French growth accelerates, but deficit widens
France's growth accelerated to one percent in the first quarter of the year but its public deficit nevertheless widened slightly, the national statistics institute said on Friday.
According to the INSEE agency, between January and March the economy grew at the strongest rate since the second quarter of 2006, before the credit crunch triggered a global economic crisis, hitting one percent.
And the state body forecast that GDP growth for the year would be no less than 1.6 percent. President Nicolas Sarkozy's government budget is based on an assumption of two-percent growth over the period.
INSEE also warned that the deficit between government revenue and its spending on its budget, local government and social security, was slightly higher last year than had been previously estimated.
At the same time, INSEE revised annual economic growth in 2010 down from 1.5 percent to 1.4 percent owing to slower growth during the fourth quarter of last year, which was revised down from 0.4 percent to 0.3 percent.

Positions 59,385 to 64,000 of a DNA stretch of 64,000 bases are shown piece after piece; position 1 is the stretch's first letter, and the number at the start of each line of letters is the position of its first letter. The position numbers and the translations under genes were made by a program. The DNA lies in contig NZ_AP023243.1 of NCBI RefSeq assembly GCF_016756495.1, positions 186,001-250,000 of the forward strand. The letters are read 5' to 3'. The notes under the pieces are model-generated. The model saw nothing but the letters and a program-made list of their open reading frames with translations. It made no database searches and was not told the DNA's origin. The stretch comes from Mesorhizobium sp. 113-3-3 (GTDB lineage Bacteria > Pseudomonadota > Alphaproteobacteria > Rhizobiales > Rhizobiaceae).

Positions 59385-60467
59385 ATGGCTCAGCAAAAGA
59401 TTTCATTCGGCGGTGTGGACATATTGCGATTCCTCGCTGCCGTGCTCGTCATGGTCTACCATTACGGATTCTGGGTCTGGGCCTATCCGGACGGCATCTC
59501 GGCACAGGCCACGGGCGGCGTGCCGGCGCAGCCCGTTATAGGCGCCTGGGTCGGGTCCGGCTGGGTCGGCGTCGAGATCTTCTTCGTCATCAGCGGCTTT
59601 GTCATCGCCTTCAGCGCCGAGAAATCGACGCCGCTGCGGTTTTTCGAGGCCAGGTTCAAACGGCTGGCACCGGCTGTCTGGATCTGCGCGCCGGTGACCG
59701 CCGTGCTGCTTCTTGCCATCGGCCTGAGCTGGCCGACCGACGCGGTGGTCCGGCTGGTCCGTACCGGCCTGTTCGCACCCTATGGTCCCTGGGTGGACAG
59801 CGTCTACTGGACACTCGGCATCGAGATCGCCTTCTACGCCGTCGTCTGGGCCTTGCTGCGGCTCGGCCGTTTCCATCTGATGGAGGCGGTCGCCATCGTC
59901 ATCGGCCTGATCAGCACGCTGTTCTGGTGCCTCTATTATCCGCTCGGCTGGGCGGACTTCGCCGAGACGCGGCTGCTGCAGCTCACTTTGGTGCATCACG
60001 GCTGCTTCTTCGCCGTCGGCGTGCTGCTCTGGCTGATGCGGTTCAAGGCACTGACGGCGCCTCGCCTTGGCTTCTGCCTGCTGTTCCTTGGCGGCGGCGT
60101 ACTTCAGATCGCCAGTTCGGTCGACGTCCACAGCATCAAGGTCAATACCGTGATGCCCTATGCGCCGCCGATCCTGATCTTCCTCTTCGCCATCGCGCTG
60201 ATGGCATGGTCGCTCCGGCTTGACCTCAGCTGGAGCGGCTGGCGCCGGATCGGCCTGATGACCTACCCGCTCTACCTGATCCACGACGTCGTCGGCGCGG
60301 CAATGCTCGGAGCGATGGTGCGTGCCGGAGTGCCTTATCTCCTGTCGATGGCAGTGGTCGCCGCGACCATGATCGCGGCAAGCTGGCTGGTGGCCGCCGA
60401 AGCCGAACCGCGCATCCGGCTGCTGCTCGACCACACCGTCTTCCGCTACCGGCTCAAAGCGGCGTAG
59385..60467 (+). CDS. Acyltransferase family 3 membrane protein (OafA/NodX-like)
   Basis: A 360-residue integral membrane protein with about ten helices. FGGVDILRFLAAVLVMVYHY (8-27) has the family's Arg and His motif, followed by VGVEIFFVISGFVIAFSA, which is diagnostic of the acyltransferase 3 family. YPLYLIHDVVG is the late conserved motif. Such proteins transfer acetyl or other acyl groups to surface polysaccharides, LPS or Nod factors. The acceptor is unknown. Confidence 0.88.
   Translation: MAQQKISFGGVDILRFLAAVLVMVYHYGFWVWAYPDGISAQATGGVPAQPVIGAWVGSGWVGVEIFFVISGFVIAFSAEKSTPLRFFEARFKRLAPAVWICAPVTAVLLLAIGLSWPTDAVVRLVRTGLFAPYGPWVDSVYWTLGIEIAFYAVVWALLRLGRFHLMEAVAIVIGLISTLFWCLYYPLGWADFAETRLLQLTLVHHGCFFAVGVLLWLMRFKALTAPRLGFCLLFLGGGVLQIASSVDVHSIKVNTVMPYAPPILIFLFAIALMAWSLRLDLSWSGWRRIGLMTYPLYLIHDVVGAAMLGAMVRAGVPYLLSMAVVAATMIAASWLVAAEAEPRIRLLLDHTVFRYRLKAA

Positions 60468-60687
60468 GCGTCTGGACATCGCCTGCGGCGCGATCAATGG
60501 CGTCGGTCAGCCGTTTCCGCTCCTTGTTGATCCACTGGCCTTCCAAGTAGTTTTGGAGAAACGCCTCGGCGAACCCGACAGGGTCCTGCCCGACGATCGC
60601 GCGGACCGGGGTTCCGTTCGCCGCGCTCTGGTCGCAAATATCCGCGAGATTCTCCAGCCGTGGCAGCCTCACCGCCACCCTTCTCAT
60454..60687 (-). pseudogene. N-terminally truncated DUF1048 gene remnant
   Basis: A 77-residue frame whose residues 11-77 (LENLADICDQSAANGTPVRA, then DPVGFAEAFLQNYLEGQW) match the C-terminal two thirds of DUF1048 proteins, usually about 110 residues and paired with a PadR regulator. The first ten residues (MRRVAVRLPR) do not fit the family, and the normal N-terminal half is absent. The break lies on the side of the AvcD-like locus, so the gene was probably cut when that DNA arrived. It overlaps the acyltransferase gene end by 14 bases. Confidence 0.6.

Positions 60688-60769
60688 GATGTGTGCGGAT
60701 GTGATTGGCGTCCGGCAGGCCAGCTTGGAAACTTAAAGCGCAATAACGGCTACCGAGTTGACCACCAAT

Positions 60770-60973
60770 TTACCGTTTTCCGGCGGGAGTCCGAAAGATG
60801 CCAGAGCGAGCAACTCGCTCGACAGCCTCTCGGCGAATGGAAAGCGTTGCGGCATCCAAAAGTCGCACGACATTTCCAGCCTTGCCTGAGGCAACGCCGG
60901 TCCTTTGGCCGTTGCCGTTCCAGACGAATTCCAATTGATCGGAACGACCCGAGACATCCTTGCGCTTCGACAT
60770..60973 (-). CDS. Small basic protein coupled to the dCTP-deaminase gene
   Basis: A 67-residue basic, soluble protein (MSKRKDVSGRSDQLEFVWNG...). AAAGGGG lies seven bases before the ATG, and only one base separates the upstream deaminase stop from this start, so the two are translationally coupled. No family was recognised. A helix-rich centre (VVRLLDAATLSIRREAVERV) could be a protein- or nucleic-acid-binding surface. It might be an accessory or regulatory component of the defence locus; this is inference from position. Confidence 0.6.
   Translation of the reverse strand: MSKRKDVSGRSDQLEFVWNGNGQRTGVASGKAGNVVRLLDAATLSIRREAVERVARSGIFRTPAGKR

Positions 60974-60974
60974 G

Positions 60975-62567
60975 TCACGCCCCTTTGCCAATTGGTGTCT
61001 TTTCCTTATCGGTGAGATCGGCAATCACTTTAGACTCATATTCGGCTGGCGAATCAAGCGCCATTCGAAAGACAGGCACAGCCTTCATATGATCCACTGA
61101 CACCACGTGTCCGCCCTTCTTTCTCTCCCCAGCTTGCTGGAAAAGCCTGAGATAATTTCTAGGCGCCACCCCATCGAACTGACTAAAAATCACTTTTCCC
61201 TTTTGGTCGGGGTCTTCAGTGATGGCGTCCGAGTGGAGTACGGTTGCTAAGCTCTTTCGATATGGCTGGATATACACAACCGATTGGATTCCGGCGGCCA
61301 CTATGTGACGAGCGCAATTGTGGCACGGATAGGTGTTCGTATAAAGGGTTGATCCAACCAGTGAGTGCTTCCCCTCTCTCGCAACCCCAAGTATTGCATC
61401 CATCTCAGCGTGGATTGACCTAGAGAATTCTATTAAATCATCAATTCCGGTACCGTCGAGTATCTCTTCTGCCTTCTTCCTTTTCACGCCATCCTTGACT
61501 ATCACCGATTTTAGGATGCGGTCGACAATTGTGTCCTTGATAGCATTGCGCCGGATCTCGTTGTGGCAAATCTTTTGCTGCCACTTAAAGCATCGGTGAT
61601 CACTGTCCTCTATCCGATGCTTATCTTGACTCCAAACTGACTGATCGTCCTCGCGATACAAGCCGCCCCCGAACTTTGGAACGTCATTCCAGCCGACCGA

France's public deficit stood at 7.1 percent of GDP at the end of 2010, up from the seven percent previously reported, and total public debt at 82.3 percent of GDP -- up 3.3 percent on the year at 1.5912 trillion euros.
These figures are headed in the wrong direction, as France has promised its EU partners it will cut its deficit to 5.7 percent this year then to three percent, the maximum permitted under the eurozone Stability Pact, by 2013.
But Finance Minister Christine Lagarde took comfort in the growth figure, which will also cheer Sarkozy one year before the country holds a presidential election, and said it showed France was on course to meet its modest expansion targets.
"Private investment is up, consumption is durable and we expect a job creation of more than 50,000 in the first quarter," Lagarde said, noting that manufacturing growth was "at its highest level in 30 years."
"Growth in the first quarter of 2011 came in at 1.0 percent, the strongest since the second quarter of 2006," she said, adding she was "very confident that the forecast of 2.0-percent growth for 2011 could be met."
Prime Minister Francois Fillon had said earlier that he expected growth for the first quarter of more than 0.8 percent, "double that in Britain and more than double the growth over the same period in the United States".
© 2011 AFP